Be Prepared for Safety
You’ve checked your local legislation and have chosen appropriate fireworks for your location — What’s next? Be prepared in case things go awry! Fireworks are known for their unpredictable nature which increases the risk of misfires and explosions. Have a fire extinguisher and running water readily available in case a mishap occurs. Fireworks start an average of 18,000 fires each year. Most accidents and injuries occur when inexperienced individuals ignite them or the fireworks are too large for them to safely deploy.
Many fireworks, when discharged, produce sounds at 150-170 decibels. Hearing damage can occur at only 110 decibels. Some of these effects may only last 24-48 hours, however it’s common to have lasting hearing damage or permanent tinnitus caused by the excessive levels of sound that fireworks produce. Ear protection is always recommended whenever you will be near a firework display especially for young children. To be safe, adults need to be at least 50-65 feet away from the blast, and children need a distance of at least 150 feet away.
Remember even sparklers can be dangerous! These seemingly innocent fireworks burn at 2,000 degrees Fahrenheit and account for 25% of the emergency room visits due to firework mishaps! Remember that before you hand them to children this 4th of July!
Drink After the Show, Please!
Another factor that causes higher volume of patients in the ER each year, are individuals who have gotten injured using fireworks while impaired. Using fireworks responsibly also means abstaining from alcohol before taking part in setting off fireworks.
Quick Tips and Facts
- Never hold lit fireworks in your hands
- Always have water or a fire extinguisher nearby
- Do not use fireworks while impaired
- Never try to relight a dud or un-exploded firework
- Spent fireworks should be soaked in water for several hours before discarding
- Never try to light more than one firework at a time
For more information on firework safety, take a look at the U.S. Consumer Product Safety Commission‘s site. Have a great 4th of July weekend and be safe!
In 2017, occupational injuries involving ice, snow, or sleet that required at least one day away from work to recover occurred at a rate of 1.8 cases per 10,000 full-time workers.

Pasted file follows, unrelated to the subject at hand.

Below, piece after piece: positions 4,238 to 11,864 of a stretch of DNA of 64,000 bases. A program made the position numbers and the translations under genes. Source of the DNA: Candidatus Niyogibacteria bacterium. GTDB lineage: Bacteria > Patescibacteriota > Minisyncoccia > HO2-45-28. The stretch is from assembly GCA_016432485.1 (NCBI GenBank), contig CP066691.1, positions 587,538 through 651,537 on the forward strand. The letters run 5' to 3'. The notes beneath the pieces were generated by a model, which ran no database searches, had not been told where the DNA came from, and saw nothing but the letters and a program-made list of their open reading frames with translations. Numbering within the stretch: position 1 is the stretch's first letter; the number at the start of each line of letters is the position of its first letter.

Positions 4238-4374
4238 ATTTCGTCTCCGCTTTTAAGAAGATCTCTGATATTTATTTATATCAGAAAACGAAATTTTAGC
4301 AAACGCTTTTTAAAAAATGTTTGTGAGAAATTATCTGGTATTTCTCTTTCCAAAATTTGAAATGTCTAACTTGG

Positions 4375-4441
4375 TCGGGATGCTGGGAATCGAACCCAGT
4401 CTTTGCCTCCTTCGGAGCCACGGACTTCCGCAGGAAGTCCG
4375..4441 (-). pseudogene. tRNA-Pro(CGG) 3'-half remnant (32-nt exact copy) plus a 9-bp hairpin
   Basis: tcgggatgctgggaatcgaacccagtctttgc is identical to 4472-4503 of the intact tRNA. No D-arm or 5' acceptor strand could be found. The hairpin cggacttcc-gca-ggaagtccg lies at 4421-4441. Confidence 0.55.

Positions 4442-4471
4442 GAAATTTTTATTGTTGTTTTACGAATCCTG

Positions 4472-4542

It’s no secret that hundreds of billions of dollars are spent annually on costs correlated to work-related injuries and illnesses.
Did I get your attention?
We do everything we can to prevent a claim, but eventually the inevitable occurs. Be prepared.
We’re all familiar with the down-sides of cigarette and tobacco use – it increases health risks, raises medical costs, and it often lowers productivity in the workplace. It’s costly for the employer and the individual smoking, so many companies are implementing no-smoking policies and even minimizing the number of smokers they hire. As a risk management and human resources company, Cornerstone Insurance Group decided to weigh in on this important topic.
Our previous blog discussed identifying some of the warning signs for workplace violence. Once you know the signs of a violent act, the best defense is to be aware of actions you can take now to mitigate exposures in your workplace so that you and your coworkers don’t become victims. The best defense against workplace violence is prevention.
Workplace violence is an unfortunate fact of everyday life in the United States.
The New York Times just reported that the Equifax breach was caused by the negligence of one employee. Despite the risk management and security measures the consumer credit reporting agency had taken to protect the sensitive data of its more than 800 million customers, it took only one person to make a single devastating mistake that would jeopardize the company’s entire operation.
On Aug. 25, 2015, the Identity Theft Resource Center released a report that summarized security breaches.
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- Optimize Your Employee Wellness Program
- OSHA’s Walking-Working Surfaces Standard and Fall Prevention